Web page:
Although many adults understand what depression is and how it can affect their own lives, it can be difficult to understand that teens can face depression, too. In fact, you’d be surprised to learn that depression among teens is much more common than you think. After all, teens are undergoing impactful experiences that build the foundation of the rest of their lives. These statistics on teen depression can help put things into better perspective:
- Females are twice as likely to develop depression than men
- The number of teens committing suicide is increasing every year. According to Suicide.org, a teen takes their own life every 100 minutes, and is the third leading cause of death in those aged 15 to 24.
- Three million teens have had at least one major depressive episode in the past year
- One in five teens experience depression before they reach adulthood
Many parents and families don’t believe that depression could hit their young loved ones so hard, but these statistics paint a gruesome picture of reality. To truly ensure that your teens are safe, you should have the proper knowledge and means for supporting their emotional health.
Understanding Causes & Signs of Teen Depression
There are many reasons that your teen may be depressed. Physical diseases, hormonal imbalances, chronic pain, environmental factors (like bullying or a toxic home environment), and drug abuse are all common causes. It’s equally as important to understand the causes as it is to be able to recognize some of the major symptoms. According to the World of Psychology, here are some of the signs you should look out for:
- Sluggish behavior, not very active
- Trouble getting to sleep
- Writing or talking about death or suicide
- Less desire to participate in activities they normally enjoy
- Giving up on themselves and their personal appearance
Drug and alcohol abuse are also signs of depression, and there are additional signs to look out for in that area. Teens will often turn to drugs and alcohol as a form of escapism, especially when they feel overwhelmed by what’s happening in their own life, or are are socially influenced by others partaking in illegal activities.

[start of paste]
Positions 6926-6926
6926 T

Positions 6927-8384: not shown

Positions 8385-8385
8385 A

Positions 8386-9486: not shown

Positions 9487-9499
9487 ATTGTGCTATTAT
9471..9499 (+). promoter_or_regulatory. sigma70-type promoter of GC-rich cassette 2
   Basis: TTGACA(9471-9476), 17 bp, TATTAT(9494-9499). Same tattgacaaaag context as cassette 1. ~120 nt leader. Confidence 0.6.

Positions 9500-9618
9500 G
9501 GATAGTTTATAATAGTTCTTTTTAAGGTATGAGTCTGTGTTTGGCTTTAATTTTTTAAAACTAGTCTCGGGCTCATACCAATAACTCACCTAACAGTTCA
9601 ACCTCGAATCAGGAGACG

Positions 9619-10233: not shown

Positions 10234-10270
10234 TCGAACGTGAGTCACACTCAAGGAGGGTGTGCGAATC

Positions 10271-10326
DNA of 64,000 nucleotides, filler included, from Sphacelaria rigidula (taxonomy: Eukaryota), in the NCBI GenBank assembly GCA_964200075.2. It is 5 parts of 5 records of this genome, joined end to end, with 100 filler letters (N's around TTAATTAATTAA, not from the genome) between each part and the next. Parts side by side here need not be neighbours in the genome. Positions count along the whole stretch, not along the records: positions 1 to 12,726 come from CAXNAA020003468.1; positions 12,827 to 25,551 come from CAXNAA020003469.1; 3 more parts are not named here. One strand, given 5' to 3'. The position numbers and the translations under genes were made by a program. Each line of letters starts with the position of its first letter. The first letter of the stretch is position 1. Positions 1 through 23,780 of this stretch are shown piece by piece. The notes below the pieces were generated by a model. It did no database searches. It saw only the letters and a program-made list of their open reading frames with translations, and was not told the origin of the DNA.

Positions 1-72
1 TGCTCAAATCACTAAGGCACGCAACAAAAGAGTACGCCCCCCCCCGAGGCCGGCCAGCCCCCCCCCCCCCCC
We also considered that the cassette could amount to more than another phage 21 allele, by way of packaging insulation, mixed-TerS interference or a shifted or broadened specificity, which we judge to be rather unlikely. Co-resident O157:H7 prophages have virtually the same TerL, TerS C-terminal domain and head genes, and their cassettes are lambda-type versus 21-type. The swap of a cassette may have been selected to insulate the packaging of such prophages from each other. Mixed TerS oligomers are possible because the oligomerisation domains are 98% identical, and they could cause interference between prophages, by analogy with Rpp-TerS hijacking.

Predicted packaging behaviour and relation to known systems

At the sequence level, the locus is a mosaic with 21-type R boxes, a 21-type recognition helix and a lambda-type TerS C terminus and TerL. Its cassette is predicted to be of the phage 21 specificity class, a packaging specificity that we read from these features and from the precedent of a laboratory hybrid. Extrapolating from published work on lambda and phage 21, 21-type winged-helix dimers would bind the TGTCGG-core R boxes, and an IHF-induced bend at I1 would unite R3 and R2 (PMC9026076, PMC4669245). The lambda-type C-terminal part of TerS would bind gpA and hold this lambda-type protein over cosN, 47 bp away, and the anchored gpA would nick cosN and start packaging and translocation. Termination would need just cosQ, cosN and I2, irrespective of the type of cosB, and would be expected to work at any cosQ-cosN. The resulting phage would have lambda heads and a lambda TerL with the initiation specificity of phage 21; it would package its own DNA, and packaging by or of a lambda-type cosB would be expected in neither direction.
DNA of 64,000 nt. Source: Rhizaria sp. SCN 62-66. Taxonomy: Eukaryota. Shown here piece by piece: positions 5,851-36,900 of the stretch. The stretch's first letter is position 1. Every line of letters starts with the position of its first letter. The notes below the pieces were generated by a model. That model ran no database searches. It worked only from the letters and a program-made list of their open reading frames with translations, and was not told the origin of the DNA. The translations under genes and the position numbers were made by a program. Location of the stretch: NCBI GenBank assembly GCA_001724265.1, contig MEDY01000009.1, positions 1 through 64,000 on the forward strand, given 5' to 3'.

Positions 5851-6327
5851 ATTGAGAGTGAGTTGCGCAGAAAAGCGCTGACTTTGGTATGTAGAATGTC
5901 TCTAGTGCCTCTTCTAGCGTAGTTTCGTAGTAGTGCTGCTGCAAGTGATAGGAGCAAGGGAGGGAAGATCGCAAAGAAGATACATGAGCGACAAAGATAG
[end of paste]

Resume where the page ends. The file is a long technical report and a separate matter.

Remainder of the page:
A report published by the Substance Abuse and Mental Health Services Administration (SAMHSA) found that 74% of adults participating in a substance abuse treatment program began using alcohol or drugs before the age of 17. Many other studies have found that there is a clear link between depression and substance abuse.
Studies have shown that only 30% of depressed teens are seeking help. Teen depression treatment is critical if you want to curb the statistics that plague young adults. One of the first things you’ll want to do is start educating yourself. Articles like this are a good place to start, but you’ll likely want to dive a little deeper.
Seeking professional help is one of the most important steps you can take. Talk to your teen and seek professional help on their behalf. Let your teen know that you’re on their side, and understand what they’re going through.
Professional help provides you with a formal diagnosis, as well as potential treatments. Depending on your teen’s specific needs, a variety of treatments might be provided. For example, severe cases of major depressive disorder might require treatment, while more mild cases of depression could benefit from regular therapy sessions.
Find Supporting Materials
In the process of seeking treatment for your teen, it’s easy to get lost in helping someone else. This can be a major source of stress (and even depression) for you, too. Seek therapy and guidance in friends and family. You can even find help in books written by psychologists and/or people who have been in your shoes before. Blogs, psychological papers, and magazines all shed light on teen depression, too.
“Most experts would agree with me that there is more stress today than in previous generations,” wrote Therese J. Borchard, author of Beyond Blue. “I think modern lifestyles—lack of community and family support, less exercise, no casual and unstructured technology-free play, less sunshine and more computer—factors into the equation.”
By taking care of yourself, you can be a much more productive, effective, and supportive parent. Learning about a child’s depression is never easy: try not to allow yourself to be overwhelmed by the situation. With your own support system, you can take control of your circumstances.
About Dr. Jeff Nalin, Psy.D.
Dr. Jeff Nalin, Psy.D. is an award-winning licensed Clinical Psychologist and a Certified Chemical Intervention Specialist. He is the Founder and Chief Clinical Officer at Paradigm Malibu Treatment Center, with locations in Los Angeles and San Francisco.